Your guide to choosing where to live at Dal

There's lots to think about when figuring out where to live in university. Luckily, I've done a bit of everything.

university residence greeters Photo: Carolina Bustamante

When it comes to living experiences at Dalhousie, I have truly done it all. I have gone from two very different residences to living in an off-campus house. Each living situation has its pros and cons, and there are lots of things to consider when choosing your future home. To make your decision a little easier, here is my official guide to living in university.

1st year: Shirreff Hall (comparable to Howe/Risley/Gerard/Truro residences)


I chose residence for my first year because I was moving to Halifax from Ontario. I figured residence was the best way to make friends and get adjusted to university life. Some of my favourite memories happened in Shirreff and I really loved my time there.

Making friends was so easy and we did everything together. I had classes with a lot of them, so we’d study together in the lounges every night and there was always something happening when we weren’t studying. I had great RAs who were always around to support us, which was especially helpful during our first midterms and exams. It is residence living, so you need to deal with shared spaces, meal hall hours, and the occasional bit of floor drama, but overall it was a really positive experience.

Pros of “first-year” residences:

  • The full first-year university experience
  • Easy to make friends
  • Support is always available
  • Convenient location on campus
  • No monthly bills
  • Don’t have to cook for yourself


  • Can get loud on weekends/holidays
  • Usually sharing a bathroom/living area with your whole floor
  • Meal hall hours won’t always work with your schedule
  • Friend group drama is very real

Recommended for: first years, students new to Halifax, anyone who wants the convenience of living on campus but doesn’t mind noise or shared spaces

2nd year: LeMarchant Place (LMP)

lemarchant place

In second year, I decided to move to LMP with one of my friends. I had a really heavy course load and was taking on part-time jobs for the first time, so staying on campus and not having to worry about monthly bills and other responsibilities was important to me.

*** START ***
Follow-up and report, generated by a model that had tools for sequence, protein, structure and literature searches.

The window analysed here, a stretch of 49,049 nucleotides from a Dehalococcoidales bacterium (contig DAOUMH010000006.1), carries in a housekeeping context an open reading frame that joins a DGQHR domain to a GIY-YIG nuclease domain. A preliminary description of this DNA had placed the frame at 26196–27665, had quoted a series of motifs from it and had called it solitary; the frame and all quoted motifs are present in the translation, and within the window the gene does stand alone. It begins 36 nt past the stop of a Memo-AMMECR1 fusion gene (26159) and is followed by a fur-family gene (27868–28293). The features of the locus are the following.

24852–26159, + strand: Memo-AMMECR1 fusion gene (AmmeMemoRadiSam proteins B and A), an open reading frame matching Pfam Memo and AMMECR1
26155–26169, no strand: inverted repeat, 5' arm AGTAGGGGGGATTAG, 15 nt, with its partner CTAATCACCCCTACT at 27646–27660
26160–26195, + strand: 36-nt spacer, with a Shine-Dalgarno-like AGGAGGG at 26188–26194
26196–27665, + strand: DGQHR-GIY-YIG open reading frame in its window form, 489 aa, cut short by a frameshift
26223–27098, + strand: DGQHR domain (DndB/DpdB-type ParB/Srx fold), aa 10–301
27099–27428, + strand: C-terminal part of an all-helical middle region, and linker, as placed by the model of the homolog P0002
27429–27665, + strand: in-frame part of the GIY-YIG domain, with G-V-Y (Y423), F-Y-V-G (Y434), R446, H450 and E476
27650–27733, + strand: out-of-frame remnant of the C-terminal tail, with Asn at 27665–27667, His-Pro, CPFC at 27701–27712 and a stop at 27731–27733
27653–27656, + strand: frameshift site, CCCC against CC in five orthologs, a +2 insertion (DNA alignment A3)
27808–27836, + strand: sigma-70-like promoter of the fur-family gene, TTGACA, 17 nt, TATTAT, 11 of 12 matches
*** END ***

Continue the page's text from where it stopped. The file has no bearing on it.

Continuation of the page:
Living in LMP also gave me more space and independence. I shared a two-bedroom apartment with my roommate. We had our own bathroom, living space, and kitchenette. I was able to get a smaller meal plan, but I always had the option of eating in meal hall if I didn’t have time to go grocery shopping or make lunch.

Living in LMP was a lot more low-key than other residences. I didn’t meet too many people there, and it was usually pretty quiet. LMP is also more expensive than other residences, which is always something to take into consideration.

Pros of LMP:

  • More space/privacy
  • Convenient location on campus
  • Quieter
  • No monthly bills
  • More flexible meal plan options


  • Harder to make friends
  • Still gets loud during Halloween/Homecoming, etc.
  • Expensive

Recommended for: upper-year students who want the conveniences of residence living with more independence; first years moving in with a group of friends

3rd year: Off-campus house

off-campus houses

I’m currently living with four other people in a house that’s about a five-minute walk from campus. I decided to move off campus after two years of living in residence because I wanted a change of scenery and more independence.

I definitely feel like more of an “adult” now that I’ve built a whole room of Ikea furniture and have gone to Canadian Tire three times in the past month. I loved being able to decorate my room and have space for a double bed.

Living in a house has conveniences that you don’t get in residence, like not waiting forever for an available washing machine. It also comes with a lot of responsibility: remembering to take the garbage out every week, having a larger space to clean, and having bills to pay every month. Expenses definitely add up, but if you budget properly, living off campus can save you money. Not living right in the middle of campus is also annoying sometimes, like when you’re at the library until midnight or have a 9am class in the CHEB, which is way too far away for me, especially when it’s cold out.

Pros of living off campus:

  • More independence
  • More space and freedom to make it your own
  • Not eating meal hall food every day
  • Laundry day is less of a nightmare
  • Can be cheaper than residence (depending on your rent/budgeting skills)
  • You’ll feel like a real adult pretty fast


  • So much responsibility
  • Having to cook for yourself
  • You’re farther from campus
  • Monthly bills/rent can definitely add up

Recommended for: upper-year students wanting more freedom/independence; first years looking for a cheaper housing option than residence

When it comes to choosing where to live, the most important thing is to think of what works best for your lifestyle and budget. No matter what you pick, you’ll be in for the experience of a lifetime.